MedicaMerkus can take on large projects – it all depends on what you prefer. We can offer you project leadership, translation, proofreading, final editing and even production. Drawing on our large network of experienced professionals, we can put together a team in which all required skills are represented at least twice. This means there is backup for each position in the team, and thus very little risk of undue delay. Below are some examples from our more noteworthy projects and a description of the roles involved:
NANDA International is originally an American organization that seeks to promote the implementation of nursing diagnosis and standardised nursing terminology to prevent confusion of concepts across health care organizations, and between scientific research and professional practice. In many countries, as in the Netherlands, terminology related to nurses' clinical judgements has been translated for this purpose. In collaboration with the Dutch NANDA-I Network, we have worked on the Dutch language translations of several publications related to these taxonomies.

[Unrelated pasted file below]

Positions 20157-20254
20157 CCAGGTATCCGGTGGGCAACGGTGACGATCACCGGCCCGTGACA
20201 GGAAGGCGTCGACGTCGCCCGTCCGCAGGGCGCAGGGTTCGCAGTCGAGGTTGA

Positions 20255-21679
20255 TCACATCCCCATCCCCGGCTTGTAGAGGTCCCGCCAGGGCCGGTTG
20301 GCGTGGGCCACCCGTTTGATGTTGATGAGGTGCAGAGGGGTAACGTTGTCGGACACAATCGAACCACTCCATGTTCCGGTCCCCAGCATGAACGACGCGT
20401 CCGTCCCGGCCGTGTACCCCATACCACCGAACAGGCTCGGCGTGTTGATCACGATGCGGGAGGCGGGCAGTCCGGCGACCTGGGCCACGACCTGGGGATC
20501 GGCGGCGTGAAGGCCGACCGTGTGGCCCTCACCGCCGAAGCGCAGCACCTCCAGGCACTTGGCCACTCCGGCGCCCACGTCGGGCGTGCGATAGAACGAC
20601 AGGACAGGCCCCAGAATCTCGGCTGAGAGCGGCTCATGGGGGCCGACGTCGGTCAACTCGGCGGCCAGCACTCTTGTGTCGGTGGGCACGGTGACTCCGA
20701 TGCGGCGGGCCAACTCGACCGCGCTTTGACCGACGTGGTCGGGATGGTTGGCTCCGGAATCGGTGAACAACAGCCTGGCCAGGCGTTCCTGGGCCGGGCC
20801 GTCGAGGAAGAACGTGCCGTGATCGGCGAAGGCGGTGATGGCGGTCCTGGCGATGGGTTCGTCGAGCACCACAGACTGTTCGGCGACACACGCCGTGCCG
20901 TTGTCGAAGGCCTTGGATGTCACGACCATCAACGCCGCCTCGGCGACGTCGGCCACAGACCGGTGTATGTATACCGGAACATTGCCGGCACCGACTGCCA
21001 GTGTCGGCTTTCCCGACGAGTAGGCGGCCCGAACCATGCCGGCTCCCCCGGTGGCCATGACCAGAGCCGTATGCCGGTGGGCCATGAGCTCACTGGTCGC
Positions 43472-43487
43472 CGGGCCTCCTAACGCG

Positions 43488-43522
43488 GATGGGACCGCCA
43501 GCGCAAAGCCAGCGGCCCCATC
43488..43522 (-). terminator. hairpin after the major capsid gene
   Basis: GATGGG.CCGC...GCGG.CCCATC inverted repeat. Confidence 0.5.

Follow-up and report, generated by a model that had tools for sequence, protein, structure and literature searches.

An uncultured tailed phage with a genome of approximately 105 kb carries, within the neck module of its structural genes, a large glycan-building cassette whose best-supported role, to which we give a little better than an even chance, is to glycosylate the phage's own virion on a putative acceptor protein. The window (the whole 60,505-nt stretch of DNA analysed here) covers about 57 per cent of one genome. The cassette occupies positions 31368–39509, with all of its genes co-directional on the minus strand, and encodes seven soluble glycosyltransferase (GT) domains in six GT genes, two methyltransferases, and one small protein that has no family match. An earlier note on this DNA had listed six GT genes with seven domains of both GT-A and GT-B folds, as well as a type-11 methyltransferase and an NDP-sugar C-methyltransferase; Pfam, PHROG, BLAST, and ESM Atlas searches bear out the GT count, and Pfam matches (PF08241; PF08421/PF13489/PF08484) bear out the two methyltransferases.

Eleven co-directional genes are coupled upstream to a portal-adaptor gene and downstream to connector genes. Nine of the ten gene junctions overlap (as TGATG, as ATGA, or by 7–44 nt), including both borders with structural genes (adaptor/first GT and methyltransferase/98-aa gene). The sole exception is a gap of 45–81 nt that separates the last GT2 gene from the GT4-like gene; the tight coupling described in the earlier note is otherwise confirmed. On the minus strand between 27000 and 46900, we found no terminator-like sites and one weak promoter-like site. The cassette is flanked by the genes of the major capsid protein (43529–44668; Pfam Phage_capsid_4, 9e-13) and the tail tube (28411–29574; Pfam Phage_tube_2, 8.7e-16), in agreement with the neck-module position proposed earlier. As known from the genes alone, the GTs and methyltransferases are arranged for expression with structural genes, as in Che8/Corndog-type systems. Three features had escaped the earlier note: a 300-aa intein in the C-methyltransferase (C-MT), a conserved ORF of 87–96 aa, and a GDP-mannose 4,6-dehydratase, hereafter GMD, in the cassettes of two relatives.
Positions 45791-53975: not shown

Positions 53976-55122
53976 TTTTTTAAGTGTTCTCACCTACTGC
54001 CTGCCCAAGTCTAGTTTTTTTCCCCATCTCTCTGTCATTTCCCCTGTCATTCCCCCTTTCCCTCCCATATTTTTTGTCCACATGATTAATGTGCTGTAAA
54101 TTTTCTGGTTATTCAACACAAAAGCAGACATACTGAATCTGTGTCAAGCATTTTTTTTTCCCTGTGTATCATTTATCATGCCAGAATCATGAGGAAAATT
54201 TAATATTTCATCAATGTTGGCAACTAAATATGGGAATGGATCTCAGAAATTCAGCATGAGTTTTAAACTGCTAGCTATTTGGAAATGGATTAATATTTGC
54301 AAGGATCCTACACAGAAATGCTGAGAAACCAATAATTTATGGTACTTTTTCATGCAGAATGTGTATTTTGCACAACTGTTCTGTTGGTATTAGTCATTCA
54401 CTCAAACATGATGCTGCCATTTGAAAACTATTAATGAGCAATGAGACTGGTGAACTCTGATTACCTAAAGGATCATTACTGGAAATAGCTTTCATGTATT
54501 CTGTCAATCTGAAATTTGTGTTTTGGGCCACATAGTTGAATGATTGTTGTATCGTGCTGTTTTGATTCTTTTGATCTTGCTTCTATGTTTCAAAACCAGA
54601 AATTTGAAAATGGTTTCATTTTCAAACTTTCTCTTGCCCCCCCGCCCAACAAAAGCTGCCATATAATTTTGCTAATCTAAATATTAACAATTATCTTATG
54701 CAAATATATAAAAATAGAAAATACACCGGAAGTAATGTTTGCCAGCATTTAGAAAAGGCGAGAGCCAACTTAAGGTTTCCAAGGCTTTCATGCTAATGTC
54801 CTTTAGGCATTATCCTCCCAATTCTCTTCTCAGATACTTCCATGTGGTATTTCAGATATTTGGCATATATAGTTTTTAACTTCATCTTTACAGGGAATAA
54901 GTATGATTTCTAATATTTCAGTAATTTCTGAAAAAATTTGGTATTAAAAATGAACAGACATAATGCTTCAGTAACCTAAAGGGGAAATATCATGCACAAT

In recent years in particular, the fact that key translations were completed by different translators and were published by different publishers, has presented a major challenge to consistency of terminology. Therefore, we have been making an effort to improve the consistency of the terminology in the various translations in close cooperation with the NANDA-I-Network.
The DSM-5®: the standard classification of mental disorders; a 1200-page reference work for the entire mental health care profession, authored by the American Psychiatric Association (APA).
MedicaMerkus provided the translation of this book for Boom Publishers. This involved:
Professor Michiel W. Hengeveld was the key Subject Matter Expert for our translation team. Professor Hengeveld had a large team of colleagues at his disposal who were all experts in their psychiatric specialties.
Our project team consisted of eight people in potentially interchangeable roles, thus ensuring backup. Three of these were able to assume the position of project leaders, two were capable of the final editing, with two being able to work as proofreaders and five as translators.
Developing well-considered terminology for the psychiatric profession was of paramount importance. One of our proofreaders has a Master’s degree in Dutch while the other has a Master’s degree in English.